(Invited) Contact Effects in Organic Thin Film Transistors with Different Device Structures

Monday, 6 October 2014: 15:00
Expo Center, 1st Floor, Universal 4 (Moon Palace Resort)
L. Mariucci, M. Rapisarda, A. Valletta, S. Calvi (IMM-CNR), M. Benwadih, R. Coppard (CEA - Liten), and G. Fortunato (IMM-CNR)
The electrical characteristics of organic thin film transistors (OTFTs) are frequently affected by contact effects, which can seriously reduce the transistor performance. The “parasitic” voltage drop at the contacts, induced by contact resistance, decreases the effective drain-source and gate-source voltages applied to the intrinsic channel of the transistor, reducing the device current. The importance of the contact resistance, Rc, is more relevant in the case of high carrier mobility and/or small channel length devices, where its value may become comparable or even larger than the channel resistance. Rc appears to be strongly affected by the device architecture and much higher Rc-values are typically observed, at low drain voltages, in coplanar structures (i.e. Bottom Gate/Bottom Contact, BGBC devices) than in staggered structures (i.e. Top Gate/Bottom Contact, TGBC devices). The presence of Schottky barriers, trap states, field dependence of carrier mobility and defected regions near the electrodes have been suggested as the origin of Rc.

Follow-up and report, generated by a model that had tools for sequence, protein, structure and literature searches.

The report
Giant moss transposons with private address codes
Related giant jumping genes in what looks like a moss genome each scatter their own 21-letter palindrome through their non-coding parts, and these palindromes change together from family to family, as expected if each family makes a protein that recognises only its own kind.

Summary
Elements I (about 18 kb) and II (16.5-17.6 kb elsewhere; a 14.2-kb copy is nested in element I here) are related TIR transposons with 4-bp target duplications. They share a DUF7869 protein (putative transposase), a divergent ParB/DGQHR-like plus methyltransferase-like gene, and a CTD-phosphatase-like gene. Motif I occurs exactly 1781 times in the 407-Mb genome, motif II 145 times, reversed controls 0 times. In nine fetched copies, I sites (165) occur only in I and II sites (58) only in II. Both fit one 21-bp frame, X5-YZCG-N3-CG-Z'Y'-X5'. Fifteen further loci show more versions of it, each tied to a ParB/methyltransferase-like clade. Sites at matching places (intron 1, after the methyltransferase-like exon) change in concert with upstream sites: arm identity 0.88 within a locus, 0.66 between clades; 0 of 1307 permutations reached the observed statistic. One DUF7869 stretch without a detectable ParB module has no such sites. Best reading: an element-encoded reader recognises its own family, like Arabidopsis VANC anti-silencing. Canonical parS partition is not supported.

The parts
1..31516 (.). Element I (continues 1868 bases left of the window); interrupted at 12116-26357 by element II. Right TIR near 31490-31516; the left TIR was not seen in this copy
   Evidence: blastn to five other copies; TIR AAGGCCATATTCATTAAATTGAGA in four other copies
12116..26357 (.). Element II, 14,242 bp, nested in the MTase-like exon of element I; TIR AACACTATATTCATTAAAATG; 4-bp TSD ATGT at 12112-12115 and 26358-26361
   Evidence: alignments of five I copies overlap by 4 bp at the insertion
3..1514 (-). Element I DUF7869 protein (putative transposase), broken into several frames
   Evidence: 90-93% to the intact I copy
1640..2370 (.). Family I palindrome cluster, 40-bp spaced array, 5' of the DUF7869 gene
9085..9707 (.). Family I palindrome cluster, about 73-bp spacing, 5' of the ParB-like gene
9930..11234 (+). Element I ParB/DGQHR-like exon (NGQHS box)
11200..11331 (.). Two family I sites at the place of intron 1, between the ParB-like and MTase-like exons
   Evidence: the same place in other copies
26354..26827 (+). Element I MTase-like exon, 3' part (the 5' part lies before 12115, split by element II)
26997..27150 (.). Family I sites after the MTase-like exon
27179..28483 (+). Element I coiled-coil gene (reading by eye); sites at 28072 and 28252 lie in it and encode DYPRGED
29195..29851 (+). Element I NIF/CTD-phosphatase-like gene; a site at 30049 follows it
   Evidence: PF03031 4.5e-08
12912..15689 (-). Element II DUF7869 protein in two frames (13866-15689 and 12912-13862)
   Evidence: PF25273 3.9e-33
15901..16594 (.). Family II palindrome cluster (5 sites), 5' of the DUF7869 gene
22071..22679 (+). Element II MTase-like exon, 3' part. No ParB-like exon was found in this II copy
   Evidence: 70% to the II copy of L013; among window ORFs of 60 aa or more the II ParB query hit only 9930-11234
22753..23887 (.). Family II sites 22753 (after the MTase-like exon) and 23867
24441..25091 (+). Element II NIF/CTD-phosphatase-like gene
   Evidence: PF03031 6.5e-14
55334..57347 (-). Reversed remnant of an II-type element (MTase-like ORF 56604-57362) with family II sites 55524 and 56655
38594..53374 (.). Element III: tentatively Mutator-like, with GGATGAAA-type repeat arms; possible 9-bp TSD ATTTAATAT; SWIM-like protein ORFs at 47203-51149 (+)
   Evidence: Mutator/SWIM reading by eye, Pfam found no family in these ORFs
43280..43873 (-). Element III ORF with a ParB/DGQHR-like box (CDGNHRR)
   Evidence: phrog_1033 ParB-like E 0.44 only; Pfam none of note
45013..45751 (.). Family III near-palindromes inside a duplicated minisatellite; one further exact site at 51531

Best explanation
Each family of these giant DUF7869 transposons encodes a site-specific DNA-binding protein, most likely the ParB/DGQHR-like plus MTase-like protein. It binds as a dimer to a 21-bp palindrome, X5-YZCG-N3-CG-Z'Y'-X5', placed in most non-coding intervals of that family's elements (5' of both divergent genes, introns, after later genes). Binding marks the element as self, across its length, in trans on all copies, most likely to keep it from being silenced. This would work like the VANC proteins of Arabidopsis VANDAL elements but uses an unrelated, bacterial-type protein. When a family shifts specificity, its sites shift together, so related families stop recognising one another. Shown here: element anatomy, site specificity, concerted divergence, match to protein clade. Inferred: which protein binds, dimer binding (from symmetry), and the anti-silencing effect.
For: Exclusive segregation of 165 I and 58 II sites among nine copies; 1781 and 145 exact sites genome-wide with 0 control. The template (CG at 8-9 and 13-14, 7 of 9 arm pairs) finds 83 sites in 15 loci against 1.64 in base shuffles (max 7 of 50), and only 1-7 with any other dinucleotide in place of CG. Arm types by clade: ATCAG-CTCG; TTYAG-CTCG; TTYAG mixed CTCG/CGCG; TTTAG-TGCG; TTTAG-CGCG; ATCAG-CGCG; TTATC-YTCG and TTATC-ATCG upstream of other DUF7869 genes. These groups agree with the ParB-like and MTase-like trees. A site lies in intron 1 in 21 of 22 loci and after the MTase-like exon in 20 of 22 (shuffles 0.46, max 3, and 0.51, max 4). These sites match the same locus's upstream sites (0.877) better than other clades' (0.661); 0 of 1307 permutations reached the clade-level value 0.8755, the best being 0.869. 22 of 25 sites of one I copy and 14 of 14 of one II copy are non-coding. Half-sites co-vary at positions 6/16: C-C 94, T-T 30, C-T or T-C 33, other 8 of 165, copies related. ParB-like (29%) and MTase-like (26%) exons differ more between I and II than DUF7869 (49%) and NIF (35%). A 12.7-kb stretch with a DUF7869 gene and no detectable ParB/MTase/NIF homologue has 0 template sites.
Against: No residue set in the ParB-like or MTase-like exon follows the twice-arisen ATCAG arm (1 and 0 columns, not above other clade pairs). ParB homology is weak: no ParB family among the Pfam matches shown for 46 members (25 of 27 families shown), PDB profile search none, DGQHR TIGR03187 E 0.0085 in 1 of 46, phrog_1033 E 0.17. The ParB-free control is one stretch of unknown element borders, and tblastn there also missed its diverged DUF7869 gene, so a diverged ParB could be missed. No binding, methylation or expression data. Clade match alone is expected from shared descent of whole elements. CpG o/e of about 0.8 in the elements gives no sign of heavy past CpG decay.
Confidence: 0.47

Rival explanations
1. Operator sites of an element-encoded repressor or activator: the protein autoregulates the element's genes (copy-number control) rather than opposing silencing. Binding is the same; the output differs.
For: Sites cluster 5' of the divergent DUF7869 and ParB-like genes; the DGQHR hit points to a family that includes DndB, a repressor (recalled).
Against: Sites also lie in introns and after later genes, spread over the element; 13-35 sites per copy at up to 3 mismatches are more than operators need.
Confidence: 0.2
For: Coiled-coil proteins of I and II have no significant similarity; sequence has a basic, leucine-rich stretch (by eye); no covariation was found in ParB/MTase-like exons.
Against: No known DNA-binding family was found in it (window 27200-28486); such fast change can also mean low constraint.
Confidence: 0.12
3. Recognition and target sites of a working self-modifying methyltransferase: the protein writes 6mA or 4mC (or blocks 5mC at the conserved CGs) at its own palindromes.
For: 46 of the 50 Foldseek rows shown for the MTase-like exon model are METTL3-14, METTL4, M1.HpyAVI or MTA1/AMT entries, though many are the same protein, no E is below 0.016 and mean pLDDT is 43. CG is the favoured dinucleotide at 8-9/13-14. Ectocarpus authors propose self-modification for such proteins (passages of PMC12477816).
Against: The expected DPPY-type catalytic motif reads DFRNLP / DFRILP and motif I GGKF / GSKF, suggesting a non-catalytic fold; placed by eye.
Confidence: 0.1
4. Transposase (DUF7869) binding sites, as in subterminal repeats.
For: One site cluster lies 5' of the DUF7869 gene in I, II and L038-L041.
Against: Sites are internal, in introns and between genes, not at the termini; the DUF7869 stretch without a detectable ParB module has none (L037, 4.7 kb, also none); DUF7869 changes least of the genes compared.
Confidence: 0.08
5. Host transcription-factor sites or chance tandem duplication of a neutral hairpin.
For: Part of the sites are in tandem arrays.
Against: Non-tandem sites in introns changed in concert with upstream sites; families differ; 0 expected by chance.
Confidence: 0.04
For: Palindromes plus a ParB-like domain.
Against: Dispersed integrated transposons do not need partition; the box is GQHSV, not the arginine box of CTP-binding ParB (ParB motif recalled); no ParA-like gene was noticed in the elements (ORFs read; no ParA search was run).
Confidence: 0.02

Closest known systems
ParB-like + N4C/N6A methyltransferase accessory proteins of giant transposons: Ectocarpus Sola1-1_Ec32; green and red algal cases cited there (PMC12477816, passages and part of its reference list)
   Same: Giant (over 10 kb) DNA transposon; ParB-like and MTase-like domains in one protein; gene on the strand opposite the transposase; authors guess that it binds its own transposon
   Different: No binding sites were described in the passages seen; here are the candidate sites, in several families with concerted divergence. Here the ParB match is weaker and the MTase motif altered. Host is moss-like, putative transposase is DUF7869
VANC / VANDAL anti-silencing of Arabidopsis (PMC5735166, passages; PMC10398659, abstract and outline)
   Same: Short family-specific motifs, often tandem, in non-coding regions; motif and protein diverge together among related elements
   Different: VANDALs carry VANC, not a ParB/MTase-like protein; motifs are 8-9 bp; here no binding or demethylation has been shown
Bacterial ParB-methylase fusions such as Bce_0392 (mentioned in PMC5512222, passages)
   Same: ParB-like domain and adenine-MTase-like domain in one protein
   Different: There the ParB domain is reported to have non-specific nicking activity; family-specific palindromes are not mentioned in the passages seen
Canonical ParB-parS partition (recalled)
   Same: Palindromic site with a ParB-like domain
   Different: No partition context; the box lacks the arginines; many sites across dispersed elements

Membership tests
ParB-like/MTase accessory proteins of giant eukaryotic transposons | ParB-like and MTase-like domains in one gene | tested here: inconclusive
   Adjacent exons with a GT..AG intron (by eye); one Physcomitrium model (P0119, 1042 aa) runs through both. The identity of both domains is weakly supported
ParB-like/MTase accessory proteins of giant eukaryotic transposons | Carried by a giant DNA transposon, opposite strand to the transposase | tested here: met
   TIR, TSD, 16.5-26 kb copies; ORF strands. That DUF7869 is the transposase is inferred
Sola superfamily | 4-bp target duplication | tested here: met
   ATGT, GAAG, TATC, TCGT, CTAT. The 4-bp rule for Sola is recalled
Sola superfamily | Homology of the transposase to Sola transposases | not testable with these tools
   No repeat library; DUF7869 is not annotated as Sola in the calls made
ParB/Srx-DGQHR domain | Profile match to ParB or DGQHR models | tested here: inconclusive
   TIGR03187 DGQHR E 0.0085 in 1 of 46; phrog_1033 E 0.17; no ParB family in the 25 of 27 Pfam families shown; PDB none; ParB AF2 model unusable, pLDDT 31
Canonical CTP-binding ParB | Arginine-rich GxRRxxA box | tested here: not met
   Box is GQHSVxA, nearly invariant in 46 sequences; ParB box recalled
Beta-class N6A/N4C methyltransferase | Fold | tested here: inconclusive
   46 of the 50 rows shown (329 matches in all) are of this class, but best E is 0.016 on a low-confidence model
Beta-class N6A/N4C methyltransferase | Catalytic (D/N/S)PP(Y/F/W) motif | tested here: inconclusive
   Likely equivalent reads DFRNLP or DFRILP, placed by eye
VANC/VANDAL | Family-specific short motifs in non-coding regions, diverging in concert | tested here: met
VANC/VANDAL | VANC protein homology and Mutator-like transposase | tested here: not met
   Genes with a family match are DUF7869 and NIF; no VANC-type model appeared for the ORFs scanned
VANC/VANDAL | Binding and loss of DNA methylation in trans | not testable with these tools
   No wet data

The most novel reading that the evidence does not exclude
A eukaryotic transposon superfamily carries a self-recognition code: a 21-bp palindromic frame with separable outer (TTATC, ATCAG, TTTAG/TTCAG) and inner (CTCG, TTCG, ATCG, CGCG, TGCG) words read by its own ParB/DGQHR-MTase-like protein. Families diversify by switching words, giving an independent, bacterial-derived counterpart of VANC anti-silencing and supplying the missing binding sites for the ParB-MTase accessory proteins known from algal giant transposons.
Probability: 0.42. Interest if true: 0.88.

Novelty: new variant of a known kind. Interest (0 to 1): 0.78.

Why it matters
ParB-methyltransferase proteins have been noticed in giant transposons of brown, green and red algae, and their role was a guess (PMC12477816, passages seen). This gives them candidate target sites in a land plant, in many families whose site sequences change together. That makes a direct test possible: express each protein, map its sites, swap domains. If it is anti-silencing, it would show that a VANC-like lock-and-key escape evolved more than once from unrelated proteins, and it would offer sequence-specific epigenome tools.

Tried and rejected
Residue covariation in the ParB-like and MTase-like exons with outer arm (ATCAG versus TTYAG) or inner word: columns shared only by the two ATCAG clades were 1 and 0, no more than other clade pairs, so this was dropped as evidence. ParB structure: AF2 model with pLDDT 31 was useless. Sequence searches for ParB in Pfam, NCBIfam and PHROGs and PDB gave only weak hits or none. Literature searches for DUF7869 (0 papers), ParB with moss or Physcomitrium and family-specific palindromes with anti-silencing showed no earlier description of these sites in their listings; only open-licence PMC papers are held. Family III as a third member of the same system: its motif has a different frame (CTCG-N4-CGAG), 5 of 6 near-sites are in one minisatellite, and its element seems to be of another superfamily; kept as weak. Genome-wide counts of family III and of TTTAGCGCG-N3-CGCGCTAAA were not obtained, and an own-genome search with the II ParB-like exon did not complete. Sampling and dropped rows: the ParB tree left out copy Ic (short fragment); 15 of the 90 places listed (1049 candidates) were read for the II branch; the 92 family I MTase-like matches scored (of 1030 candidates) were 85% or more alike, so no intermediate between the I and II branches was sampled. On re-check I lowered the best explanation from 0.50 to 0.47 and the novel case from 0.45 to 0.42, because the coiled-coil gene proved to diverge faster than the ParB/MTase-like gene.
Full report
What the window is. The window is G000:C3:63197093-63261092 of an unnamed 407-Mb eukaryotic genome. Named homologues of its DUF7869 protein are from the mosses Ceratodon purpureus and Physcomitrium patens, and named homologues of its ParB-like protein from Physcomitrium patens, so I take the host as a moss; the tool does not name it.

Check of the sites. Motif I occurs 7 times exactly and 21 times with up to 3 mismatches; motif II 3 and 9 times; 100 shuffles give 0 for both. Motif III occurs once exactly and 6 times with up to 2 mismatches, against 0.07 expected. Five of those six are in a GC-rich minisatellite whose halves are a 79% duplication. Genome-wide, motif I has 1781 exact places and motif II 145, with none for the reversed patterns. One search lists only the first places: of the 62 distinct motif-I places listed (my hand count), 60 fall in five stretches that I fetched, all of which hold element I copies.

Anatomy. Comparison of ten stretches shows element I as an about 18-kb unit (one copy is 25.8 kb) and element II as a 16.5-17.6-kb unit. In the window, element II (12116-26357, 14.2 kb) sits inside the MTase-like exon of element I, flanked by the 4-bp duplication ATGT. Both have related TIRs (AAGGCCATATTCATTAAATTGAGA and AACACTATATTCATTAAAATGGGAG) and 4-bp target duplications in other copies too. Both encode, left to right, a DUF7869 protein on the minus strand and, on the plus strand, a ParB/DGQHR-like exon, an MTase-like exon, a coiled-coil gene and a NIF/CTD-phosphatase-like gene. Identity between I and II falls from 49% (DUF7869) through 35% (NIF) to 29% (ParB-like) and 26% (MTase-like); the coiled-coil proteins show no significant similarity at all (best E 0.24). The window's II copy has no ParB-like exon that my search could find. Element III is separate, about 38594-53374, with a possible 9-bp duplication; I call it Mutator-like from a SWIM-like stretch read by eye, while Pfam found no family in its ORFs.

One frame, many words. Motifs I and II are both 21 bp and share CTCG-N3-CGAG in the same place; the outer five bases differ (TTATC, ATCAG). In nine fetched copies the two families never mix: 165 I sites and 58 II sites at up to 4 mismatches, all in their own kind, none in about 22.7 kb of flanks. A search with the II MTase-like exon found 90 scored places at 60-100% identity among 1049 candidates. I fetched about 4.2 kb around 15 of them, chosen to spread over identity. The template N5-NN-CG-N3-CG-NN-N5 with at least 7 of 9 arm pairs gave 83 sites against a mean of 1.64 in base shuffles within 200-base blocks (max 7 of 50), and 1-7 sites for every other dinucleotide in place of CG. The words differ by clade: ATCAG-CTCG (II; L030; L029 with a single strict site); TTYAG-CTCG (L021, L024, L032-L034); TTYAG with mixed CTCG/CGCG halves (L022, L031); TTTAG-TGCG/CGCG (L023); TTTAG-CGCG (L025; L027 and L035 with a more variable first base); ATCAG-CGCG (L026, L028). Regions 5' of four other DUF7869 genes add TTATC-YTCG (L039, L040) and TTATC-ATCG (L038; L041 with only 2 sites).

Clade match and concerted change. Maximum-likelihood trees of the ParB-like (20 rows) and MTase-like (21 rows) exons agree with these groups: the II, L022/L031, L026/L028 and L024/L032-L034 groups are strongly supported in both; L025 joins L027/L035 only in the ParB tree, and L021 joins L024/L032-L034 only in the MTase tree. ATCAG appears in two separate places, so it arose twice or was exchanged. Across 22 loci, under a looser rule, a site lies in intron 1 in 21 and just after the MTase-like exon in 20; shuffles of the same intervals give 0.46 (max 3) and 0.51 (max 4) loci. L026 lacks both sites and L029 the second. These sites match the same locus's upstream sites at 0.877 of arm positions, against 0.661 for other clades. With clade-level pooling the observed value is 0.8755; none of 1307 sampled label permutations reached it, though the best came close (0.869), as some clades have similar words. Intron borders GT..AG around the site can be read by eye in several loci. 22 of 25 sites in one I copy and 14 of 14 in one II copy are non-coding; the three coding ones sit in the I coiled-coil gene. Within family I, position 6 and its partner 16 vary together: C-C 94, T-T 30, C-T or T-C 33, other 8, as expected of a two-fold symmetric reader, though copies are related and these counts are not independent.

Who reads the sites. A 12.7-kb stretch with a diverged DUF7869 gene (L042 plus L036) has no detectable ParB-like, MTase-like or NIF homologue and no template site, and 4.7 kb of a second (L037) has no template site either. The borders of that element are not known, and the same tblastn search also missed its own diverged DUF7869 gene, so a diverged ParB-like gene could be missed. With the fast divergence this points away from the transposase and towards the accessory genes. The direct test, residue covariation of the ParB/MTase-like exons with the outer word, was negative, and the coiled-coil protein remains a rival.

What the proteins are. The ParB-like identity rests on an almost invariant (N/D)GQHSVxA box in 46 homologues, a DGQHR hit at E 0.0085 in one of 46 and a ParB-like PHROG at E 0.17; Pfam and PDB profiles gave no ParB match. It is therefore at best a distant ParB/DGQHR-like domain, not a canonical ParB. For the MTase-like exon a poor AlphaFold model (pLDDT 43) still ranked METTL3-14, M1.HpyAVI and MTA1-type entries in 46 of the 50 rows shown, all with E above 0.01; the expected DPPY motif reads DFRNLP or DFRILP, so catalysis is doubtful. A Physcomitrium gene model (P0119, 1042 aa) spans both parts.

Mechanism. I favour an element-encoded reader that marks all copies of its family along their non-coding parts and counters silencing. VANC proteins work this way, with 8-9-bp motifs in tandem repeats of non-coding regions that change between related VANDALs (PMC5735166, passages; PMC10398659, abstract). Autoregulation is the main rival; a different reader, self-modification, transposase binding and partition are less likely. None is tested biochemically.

In this work, the contacts effects in devices with different architectures (staggered and coplanar) will be discussed. Devices characteristics have been measured at different temperature and the results have been analysed by using 2D numerical simulations (fig. 1 and 2). The electrical characteristics of both type of devices can be reproduced considering a Schottky barrier at the source contact with an “effective” barrier lowering, that takes into account different field-dependent effects occurring at the contacts (Shottky effect, tunnelling, trap assisted tunneling) that can increase the current injected by the electrode (fig.1 and 2). In the case of staggered devices, the detailed analysis of the current density shows that, at low Vds and for a given Vgs, the current is mainly injected from an extended source contact region overlapped by the gate electrode, inducing a current spreading along the contact (Ic - current in fig.3). The distribution of the current spreading remains basically constant for increasing Vds up to a value Vdsat1 (fig. 1), when the depletion layer of the Schottky contact expands  reaching the insulator-semiconductor interface and causing the pinch-off of the channel at the source end. For Vds>Vdsat1 the current injected from the edge of the source contact rapidly increases (Iedge in fig.3a), due to field enhanced injection mechanisms, while the current injected from the remaining part of the source contact basically saturates. At higher drain voltage (Vds>Vdsat2, see fig.1), pinch off at the drain occurs. In the case of coplanar devices, current spreading, obviously, does not occurs and even at low Vds the current increase is related to the field enhanced injection mechanisms that take place at the edge of the source contact (fig.3b). The lack of the extended contact contribution to the injected current explains the higher contact resistance usually observe in coplanar devices at low Vds compared to staggered OTFTs. On the other hand, at high Vds (saturation condition) higher electric fields are present, in coplanar structure, near the source, that is in direct contact to the channel region. This results in a more efficient carrier injection that allows obtaining an almost ohmic contact condition in coplanar devices in saturation condition.